Daily Archives September 11, 2020

First, before we get to today’s post, I wanted to thank everybody who joined us for ‘The Landscape Conference” this week. What a wonderful, gracious, fun crowd to present to (over 1,400+ photographers attended live), and it was such a blast. My humble thanks to spending a few days with us — we’re very grateful and hope you all learned a lot!

Above: A stock photo used here simply as an example of the type of photo the photographer was talking about.

This question — what makes a particular photo a landscape photo versus a travel photo? — came up during my pre-conference session called “What Makes a Great Landscape Photo.” The question came from a participant who mentioned that he shoots islands in the Caribbean and Hawaii, and shooting those at dawn or dusk (like you normally would for landscape photos), doesn’t look good because without the direct sun, you don’t have that beautiful turquoise water. I mentioned during my session that I thought in this case that breaking the dawn/dusk shooting rule was totally fine because this sounds like more of a travel type photo. Later, in our closing Q&A session, he asked me to elaborate on why I felt it was a travel photo, rather than a landscape photo.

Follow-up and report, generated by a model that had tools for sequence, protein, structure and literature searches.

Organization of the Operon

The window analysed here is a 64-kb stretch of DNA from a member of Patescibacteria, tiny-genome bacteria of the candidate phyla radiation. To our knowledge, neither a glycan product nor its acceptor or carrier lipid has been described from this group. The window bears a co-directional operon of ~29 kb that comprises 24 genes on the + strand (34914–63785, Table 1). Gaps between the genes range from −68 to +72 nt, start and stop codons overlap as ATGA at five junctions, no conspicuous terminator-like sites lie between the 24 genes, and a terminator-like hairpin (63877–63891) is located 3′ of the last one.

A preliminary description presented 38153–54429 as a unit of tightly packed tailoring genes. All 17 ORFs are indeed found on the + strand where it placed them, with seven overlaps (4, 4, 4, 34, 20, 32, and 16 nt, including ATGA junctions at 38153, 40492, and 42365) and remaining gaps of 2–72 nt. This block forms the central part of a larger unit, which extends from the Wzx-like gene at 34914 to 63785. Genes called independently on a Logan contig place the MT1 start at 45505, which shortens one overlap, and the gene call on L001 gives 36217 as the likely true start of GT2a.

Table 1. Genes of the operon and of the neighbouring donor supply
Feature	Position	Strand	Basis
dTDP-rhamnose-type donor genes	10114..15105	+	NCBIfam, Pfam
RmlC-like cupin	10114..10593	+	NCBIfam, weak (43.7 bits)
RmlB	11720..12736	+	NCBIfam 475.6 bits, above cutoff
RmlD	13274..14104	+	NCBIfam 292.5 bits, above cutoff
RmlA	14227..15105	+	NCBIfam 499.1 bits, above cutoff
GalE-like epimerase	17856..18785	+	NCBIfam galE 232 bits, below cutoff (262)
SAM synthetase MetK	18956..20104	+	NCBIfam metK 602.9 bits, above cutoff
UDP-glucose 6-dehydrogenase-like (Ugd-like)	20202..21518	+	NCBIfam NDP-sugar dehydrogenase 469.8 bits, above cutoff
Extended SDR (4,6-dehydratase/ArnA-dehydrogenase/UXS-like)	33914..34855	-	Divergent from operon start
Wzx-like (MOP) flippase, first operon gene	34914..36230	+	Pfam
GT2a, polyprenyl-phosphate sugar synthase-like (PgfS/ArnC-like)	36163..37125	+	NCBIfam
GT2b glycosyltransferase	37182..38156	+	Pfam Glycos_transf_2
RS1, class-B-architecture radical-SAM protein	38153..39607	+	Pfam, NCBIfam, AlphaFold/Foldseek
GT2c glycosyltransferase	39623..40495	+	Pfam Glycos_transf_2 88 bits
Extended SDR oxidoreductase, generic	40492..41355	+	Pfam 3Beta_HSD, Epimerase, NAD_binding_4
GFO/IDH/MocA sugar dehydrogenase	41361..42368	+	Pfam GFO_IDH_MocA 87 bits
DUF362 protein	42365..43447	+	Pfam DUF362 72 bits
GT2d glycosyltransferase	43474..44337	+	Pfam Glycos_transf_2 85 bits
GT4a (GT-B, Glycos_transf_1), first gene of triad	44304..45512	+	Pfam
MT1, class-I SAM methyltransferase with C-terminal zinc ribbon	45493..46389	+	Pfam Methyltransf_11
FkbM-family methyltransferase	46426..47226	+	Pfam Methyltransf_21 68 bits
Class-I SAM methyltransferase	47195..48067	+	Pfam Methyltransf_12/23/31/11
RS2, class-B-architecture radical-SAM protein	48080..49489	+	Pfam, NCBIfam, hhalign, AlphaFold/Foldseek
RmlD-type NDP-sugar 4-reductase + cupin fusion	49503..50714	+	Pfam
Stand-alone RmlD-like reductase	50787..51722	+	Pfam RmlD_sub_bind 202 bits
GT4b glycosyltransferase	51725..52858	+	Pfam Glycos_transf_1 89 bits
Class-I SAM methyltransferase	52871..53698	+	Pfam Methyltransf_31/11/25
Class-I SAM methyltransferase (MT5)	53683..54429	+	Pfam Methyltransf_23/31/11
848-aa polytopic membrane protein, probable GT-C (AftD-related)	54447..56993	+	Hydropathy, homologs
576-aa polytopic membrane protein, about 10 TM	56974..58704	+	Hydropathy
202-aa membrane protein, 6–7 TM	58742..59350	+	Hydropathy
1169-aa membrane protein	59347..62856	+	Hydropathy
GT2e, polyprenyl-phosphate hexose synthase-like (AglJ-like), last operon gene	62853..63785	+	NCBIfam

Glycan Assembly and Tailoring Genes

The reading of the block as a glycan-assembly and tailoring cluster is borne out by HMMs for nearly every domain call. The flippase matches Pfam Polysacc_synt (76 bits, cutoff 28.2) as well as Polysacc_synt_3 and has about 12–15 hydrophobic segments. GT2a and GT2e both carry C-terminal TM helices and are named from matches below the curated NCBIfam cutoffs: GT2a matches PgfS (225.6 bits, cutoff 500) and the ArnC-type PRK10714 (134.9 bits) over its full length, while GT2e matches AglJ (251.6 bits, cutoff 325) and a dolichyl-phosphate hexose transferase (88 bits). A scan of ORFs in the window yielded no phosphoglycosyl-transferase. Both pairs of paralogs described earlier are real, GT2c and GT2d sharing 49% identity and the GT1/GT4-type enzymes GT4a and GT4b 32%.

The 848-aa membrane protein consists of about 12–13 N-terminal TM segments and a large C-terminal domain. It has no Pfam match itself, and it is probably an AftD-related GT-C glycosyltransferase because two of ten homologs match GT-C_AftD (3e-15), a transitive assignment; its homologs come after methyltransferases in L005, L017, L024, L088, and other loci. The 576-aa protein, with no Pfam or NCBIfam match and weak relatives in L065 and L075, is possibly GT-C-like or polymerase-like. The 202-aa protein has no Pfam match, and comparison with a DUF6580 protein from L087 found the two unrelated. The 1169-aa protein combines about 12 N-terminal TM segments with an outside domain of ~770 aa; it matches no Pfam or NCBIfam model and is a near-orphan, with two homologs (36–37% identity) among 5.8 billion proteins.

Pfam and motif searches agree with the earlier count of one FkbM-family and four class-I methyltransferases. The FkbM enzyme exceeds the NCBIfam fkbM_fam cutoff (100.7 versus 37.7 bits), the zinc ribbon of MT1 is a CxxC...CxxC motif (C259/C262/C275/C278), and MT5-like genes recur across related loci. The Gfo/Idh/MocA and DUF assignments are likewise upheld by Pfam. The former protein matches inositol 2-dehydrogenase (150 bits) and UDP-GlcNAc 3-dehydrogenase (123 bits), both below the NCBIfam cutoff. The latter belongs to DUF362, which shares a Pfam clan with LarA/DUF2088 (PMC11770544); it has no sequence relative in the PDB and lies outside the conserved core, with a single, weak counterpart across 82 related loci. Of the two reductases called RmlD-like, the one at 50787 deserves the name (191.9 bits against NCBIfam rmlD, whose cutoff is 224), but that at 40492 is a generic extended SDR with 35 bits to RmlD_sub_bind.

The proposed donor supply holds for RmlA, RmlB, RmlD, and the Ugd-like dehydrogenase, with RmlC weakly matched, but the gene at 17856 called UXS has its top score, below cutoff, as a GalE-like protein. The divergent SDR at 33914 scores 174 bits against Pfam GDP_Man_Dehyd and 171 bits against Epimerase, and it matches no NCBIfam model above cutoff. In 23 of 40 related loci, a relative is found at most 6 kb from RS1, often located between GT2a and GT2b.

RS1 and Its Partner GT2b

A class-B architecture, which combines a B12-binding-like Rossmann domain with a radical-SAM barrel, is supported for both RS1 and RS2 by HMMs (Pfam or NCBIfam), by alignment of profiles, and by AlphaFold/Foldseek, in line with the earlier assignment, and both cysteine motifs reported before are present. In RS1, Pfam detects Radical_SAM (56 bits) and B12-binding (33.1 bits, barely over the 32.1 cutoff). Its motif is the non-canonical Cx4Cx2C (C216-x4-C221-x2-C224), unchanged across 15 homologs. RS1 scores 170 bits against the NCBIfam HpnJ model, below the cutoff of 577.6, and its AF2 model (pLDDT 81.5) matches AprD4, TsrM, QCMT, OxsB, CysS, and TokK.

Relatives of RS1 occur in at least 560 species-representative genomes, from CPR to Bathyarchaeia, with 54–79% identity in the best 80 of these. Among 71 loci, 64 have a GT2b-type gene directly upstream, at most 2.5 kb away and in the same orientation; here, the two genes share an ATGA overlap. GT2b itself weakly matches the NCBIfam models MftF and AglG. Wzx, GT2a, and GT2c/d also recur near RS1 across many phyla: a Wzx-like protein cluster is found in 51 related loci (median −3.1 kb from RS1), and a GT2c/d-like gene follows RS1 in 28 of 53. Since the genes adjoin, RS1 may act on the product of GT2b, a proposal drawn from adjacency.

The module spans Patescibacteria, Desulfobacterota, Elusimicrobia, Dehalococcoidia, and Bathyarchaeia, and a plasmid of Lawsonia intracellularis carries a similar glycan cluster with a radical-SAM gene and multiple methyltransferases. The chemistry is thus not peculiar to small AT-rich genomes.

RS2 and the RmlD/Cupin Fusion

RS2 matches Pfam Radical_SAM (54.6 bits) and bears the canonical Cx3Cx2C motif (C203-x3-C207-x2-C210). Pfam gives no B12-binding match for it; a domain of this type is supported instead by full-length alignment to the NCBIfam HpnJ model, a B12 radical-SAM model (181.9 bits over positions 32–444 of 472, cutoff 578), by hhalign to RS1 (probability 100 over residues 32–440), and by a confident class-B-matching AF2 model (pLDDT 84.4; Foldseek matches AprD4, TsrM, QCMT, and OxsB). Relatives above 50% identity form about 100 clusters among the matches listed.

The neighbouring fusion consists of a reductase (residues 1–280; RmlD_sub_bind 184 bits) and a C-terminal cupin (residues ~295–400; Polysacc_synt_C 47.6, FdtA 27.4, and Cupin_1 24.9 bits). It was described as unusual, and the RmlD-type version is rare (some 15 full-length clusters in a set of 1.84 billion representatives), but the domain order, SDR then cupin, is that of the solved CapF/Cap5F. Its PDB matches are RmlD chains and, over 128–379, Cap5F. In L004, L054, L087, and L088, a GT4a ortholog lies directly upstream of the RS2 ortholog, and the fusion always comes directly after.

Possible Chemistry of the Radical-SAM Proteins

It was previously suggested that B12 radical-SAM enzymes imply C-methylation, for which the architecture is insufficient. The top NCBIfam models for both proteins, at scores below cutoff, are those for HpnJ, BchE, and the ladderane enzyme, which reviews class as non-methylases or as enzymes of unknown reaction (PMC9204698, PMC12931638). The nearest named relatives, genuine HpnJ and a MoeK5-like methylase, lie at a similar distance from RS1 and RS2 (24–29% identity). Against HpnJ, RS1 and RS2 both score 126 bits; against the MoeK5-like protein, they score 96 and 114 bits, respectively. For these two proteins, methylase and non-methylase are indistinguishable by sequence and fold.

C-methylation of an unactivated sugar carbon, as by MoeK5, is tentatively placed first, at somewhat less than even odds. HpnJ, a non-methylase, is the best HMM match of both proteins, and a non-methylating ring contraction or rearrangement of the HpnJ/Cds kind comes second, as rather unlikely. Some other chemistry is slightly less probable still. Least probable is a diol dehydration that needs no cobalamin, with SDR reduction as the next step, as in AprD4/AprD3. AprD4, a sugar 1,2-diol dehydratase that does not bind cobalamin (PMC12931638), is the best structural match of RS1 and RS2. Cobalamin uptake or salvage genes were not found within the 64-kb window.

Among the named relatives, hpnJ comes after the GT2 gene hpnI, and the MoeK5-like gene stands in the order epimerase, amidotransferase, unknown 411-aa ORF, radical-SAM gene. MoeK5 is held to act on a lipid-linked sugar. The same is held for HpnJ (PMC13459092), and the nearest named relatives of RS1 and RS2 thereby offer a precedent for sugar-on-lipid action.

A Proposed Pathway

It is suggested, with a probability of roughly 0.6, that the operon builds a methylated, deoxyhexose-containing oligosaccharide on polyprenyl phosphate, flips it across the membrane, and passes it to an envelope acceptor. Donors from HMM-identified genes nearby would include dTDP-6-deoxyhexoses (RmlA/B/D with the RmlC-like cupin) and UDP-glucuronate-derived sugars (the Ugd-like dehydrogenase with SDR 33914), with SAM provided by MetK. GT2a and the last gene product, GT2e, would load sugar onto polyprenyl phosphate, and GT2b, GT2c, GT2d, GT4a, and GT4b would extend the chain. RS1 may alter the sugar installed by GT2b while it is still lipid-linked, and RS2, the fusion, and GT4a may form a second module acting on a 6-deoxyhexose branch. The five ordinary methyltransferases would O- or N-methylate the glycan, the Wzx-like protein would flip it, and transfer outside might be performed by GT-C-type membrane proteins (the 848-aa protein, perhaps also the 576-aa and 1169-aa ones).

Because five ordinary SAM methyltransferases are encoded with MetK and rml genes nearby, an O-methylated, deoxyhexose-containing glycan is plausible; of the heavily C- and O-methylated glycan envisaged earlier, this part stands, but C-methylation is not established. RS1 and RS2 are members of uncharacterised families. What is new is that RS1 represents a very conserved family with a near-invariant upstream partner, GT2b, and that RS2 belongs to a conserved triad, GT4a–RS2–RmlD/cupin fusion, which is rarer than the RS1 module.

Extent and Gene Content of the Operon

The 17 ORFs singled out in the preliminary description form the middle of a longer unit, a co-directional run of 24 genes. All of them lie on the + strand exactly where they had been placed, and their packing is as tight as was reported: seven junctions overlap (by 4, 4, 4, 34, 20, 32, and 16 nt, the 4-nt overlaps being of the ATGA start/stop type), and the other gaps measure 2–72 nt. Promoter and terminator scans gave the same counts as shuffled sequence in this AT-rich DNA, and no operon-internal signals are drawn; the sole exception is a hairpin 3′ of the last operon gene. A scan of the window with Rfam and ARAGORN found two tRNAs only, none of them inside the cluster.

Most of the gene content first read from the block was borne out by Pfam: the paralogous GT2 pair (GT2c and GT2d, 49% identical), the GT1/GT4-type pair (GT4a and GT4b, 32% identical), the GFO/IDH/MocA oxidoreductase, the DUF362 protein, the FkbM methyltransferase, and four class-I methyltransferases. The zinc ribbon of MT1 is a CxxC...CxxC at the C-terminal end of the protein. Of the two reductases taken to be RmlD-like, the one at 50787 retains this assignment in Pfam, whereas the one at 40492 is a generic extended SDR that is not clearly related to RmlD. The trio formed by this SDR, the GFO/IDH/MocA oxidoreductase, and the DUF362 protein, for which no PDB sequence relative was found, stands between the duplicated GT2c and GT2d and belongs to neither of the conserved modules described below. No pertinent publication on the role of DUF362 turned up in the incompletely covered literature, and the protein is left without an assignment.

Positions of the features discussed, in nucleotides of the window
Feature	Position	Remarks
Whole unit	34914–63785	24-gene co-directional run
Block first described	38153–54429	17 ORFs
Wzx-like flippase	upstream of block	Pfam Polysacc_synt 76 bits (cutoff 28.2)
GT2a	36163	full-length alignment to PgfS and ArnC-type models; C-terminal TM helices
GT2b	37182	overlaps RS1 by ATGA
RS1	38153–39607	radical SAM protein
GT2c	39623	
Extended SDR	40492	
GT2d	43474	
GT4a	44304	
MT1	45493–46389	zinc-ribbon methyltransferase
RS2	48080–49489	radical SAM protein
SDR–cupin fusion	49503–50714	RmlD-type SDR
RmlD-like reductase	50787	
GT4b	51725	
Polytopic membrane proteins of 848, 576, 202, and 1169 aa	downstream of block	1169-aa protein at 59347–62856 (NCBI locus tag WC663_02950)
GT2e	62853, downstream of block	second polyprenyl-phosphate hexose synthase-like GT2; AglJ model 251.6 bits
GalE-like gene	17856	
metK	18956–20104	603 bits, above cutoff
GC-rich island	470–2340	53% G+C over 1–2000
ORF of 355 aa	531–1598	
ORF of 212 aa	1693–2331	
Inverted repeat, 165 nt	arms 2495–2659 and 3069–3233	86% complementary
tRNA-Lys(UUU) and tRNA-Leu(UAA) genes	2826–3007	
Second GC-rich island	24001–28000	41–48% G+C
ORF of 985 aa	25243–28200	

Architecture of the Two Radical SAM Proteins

There is no official ruling body on this, so all I can give is my opinion on it, and here it is:

“When I look at an image like the island with palm trees surrounded by clear turquoise water, my first thought is, ‘I want to be there on vacation; on the beach, under an umbrella, with a piña colada, and a good book looking out at that scene.’ I’m thinking vacation, so I’m thinking travel photo. When I see a lake with a still water reflection with snow-capped mountains in the background, or a shot from Monument Valley or Yosemite, I’m thinking landscape. In short: I think the emotion or feeling a person has when viewing the image helps to determine to the viewer if it’s a landscape or a travel photo. I think of Norway as a landscape country, but at the same time, you can make wonderful travel photos there, but I leave it up to the viewer to decide which one a particular photo is.”

In the end, though — does it even matter? It’s not a negative thing if someone feels your landscape photo is a travel photo (or vice versa). What’s important is that they enjoy viewing the photo, and you enjoyed shooting it; not which category it falls into.

Hope that helps.

Thanks again to everybody who make the conference such a special event. I’m very grateful for the wonderful turnout, and for the honor of being in the company of such great instructors. It was a blast!

Have safe, happy, healthy weekend. #GoBucks, #GoTitans, and soon #rolltide!

-Scott

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